Other installations worthy of note were the wall of videos, Armin Keplinger 1:1000 where what looks like a piece of internal flesh is suspended, spikes poke out slowly and then morph into vertical droplets which slip and gloop audibly down the screen. Bart Hess ‘Mutants’ video was mesmerising as a man trapped inside a rubber suit, pushes and stretches his shiny prison which reflects fluorescent lights that cloak him with a dismembered exo-skeleton.

Eliza Strozyk & her work

Not many women featured, in fact one in her own right, Eliza Strozyk from Germany, triangular wood pieces on fabric, which creates a structural blanket of crimson and red fading to almost peach and natural wood.

Jun Fujiwara's work

The exhibition is clearly a celebration of the Hugo Boss brand, the famous ‘red’ sailing through the whole concept, you can’t help but feel, it is an amazing positive idea for creatives to express themselves on an international platform here at the Saatchi Gallery that is renowned for exploring and freeing the wings of the new and original, and after all isn’t that what design, art and creativity is all about? Collaboration and expression? The arts need patronage and I’m all for wherever that spark comes from. It’s opened up a whole new box of ideas for me, and I’m looking forward to exploring these artists’ works some more.

Top picks for London Design Festival 2010

London Design Festival 2010

In a week's time, the annual Design Festival would transform London into a mega design fair with over 200 events happening across the city. Believing in the power of creativity and the artistic value in good design, we have hand-picked 20 favourites (in order from the official print programme) below:

1. The Sphelix Installation by Johnny Hawkes in Covent Garden

"Standing nearly 3 metres high a white half Sphelix is situated next to the new Apple Store. The sculpture number 5 of an edition of 10 is made in GRP. The Sphelix® is a new global shape, the joining of a sphere and a helix, it spins ying yang, DNA and the life force, the joining of communities. Johnny Hawkes has been invited to show his work in many international & national exhibitions. An outsider artist, dropping out of art school, he started his studio in London in 1976 and is the creative and commercial force behind PW Ltd."

2. The AppLounge by Alexander Grünsteidl in 100 Wardour Street

The Applounge Logo

"The Applounge is a collaboration between Digital Wellbeing Labs, Method, App.itize.us and SpotSpotOn. It features a curated selection of well crafted mobile applications and services, sourced from creative agencies around the world, matched with accessories, and  fashion items to fit with different occasions and individual lifestyle requirements. Coffee is served during the day and cocktails at night. Alexander set up Digital Wellbeing Labs together with his partner Priya Prakash in 2005, to bridge the last mile between the producers and consumers of digital products and services."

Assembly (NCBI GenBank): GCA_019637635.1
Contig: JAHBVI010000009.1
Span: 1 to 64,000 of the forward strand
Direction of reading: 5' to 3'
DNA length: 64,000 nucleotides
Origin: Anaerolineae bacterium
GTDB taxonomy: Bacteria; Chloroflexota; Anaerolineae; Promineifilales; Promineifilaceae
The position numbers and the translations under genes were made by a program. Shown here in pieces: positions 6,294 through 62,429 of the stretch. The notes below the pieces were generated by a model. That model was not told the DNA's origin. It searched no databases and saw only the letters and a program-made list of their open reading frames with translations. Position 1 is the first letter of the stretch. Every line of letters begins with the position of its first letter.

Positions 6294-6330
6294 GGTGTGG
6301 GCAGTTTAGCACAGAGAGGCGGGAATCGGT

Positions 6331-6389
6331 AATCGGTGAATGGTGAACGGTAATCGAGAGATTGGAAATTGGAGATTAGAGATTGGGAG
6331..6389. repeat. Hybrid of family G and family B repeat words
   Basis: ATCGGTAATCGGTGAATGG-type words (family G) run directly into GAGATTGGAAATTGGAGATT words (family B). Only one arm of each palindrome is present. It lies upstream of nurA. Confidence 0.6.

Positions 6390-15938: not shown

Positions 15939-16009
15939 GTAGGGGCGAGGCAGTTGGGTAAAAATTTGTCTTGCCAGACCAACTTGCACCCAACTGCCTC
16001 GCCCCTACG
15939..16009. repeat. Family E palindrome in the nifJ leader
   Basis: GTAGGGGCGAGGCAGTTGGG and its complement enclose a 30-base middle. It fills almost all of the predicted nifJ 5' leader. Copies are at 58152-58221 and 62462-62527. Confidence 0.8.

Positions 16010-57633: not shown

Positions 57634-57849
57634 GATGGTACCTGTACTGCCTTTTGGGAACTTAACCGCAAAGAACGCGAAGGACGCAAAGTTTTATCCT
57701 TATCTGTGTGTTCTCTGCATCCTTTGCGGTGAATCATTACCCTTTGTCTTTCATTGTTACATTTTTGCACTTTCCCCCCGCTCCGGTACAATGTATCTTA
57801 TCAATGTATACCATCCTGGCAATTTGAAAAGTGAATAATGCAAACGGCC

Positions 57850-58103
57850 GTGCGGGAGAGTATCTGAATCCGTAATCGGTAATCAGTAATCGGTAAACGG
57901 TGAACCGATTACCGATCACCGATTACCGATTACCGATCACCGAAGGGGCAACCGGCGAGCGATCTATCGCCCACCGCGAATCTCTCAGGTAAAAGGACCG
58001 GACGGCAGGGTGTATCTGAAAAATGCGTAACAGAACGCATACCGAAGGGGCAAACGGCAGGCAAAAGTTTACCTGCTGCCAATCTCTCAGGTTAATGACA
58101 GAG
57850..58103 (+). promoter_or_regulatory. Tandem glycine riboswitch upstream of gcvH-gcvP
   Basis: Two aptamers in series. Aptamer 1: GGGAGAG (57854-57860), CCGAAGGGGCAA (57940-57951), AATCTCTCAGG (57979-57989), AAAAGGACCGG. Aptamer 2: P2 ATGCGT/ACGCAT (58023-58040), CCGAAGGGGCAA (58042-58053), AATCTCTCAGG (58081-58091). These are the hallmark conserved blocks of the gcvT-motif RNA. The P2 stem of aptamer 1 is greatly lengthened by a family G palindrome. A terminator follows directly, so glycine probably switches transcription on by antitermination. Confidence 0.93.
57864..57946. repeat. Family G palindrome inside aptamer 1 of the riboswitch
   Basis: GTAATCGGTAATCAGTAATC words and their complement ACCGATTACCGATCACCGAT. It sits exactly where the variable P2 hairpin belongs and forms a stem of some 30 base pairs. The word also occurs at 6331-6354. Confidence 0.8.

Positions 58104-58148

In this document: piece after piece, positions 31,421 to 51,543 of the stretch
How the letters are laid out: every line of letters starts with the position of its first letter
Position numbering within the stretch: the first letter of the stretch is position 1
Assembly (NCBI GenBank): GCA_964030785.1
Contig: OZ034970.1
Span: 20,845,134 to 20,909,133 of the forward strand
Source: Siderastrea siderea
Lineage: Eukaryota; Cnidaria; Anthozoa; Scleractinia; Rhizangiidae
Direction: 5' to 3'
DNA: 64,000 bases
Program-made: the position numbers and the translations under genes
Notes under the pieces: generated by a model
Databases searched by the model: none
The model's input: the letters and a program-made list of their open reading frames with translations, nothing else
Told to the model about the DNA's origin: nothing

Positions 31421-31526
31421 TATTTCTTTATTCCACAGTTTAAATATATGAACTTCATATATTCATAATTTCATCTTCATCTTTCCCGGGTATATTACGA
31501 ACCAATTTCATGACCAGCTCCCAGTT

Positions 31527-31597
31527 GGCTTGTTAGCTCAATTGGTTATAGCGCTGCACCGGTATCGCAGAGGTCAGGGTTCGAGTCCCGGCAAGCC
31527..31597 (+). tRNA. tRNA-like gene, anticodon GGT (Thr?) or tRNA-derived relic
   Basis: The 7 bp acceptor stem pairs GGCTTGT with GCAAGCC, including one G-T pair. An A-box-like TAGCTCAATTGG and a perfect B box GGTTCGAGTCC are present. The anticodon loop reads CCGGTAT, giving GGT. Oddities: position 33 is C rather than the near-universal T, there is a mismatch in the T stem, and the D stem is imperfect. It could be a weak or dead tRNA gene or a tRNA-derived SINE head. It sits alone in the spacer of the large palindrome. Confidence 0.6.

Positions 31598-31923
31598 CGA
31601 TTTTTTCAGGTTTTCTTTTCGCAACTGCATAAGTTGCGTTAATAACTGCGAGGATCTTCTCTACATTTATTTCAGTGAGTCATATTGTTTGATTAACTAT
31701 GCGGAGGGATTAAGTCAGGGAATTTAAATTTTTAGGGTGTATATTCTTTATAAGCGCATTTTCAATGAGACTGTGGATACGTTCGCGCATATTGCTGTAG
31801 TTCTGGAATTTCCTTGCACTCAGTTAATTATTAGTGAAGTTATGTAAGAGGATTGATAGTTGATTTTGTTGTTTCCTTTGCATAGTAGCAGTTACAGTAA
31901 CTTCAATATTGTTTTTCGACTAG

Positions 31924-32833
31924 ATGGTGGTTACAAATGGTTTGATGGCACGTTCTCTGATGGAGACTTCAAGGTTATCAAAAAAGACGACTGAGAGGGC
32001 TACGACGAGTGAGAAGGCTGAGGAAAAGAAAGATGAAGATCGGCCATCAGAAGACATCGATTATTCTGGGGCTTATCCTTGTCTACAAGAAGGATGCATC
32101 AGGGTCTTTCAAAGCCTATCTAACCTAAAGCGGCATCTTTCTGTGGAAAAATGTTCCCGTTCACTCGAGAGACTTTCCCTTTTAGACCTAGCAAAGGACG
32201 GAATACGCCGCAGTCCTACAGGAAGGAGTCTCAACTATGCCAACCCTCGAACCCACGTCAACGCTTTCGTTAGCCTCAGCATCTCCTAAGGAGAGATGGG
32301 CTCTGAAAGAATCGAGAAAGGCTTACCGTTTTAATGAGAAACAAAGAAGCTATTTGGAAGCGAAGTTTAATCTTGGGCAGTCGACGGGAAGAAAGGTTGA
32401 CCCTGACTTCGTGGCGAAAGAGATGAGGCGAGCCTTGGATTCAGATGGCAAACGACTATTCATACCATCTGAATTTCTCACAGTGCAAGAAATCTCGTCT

3. ÖÖ: Was it a Dream? by Keskula in 94 Berwick Street

"ÖÖ, or 'night' in Estonian, is a pop-up gallery + concept store showcasing work by young avant-garde creatives from six Nordic countries - Denmark, Estonia, Finland, Iceland, Norway and Sweden. It is a collaborative project by a community of fashion and product designers, photographers, film makers, artists and illustrators, whose work introduces dark and surreal aspects of Nordic aesthetics.The project is accompanied by event programme featuring musicians, DJs, film screenings and art performances. KESKULA is set up to connect new creative minds from the six countries. The long-term vision for KESKULA network is to set up a foundation to support young designers from Nordic countries and launch creative residencies in London and New York."

4. Outrace - the official festival installation in Trafalgar Square by Clemens Weisshaar & Reed Kram

"This year's spectacular Trafalgar Square installation allows the general public to take control of eight industrial robots on loan from Audi's production line. Visitors to the square, alongside the entire global web audience, will be able to book a slot to interact with the installation via the specially built website."

5. The Smalls Short Film Fest 2010 in 125 Charing Cross Road

"The Smalls launched in September 2006 in association with The London Design Festival and Creative Review. The showcase celebrated “Small Films for Small Screens”, through a display of short films made for the web, iPods and mobile phones.The interest in The Smalls, from industry and contributors, led to the launch of thesmalls.com, an online showcase for the creative community, at the end of 2006. Since then there's been collaboration with a number of broadcast and media partners on other competitions, as well as having launched a monthly short film screening in New York called The Can."

6. Anti Design Festival initiated by Neville Brody 28 Redchurch Street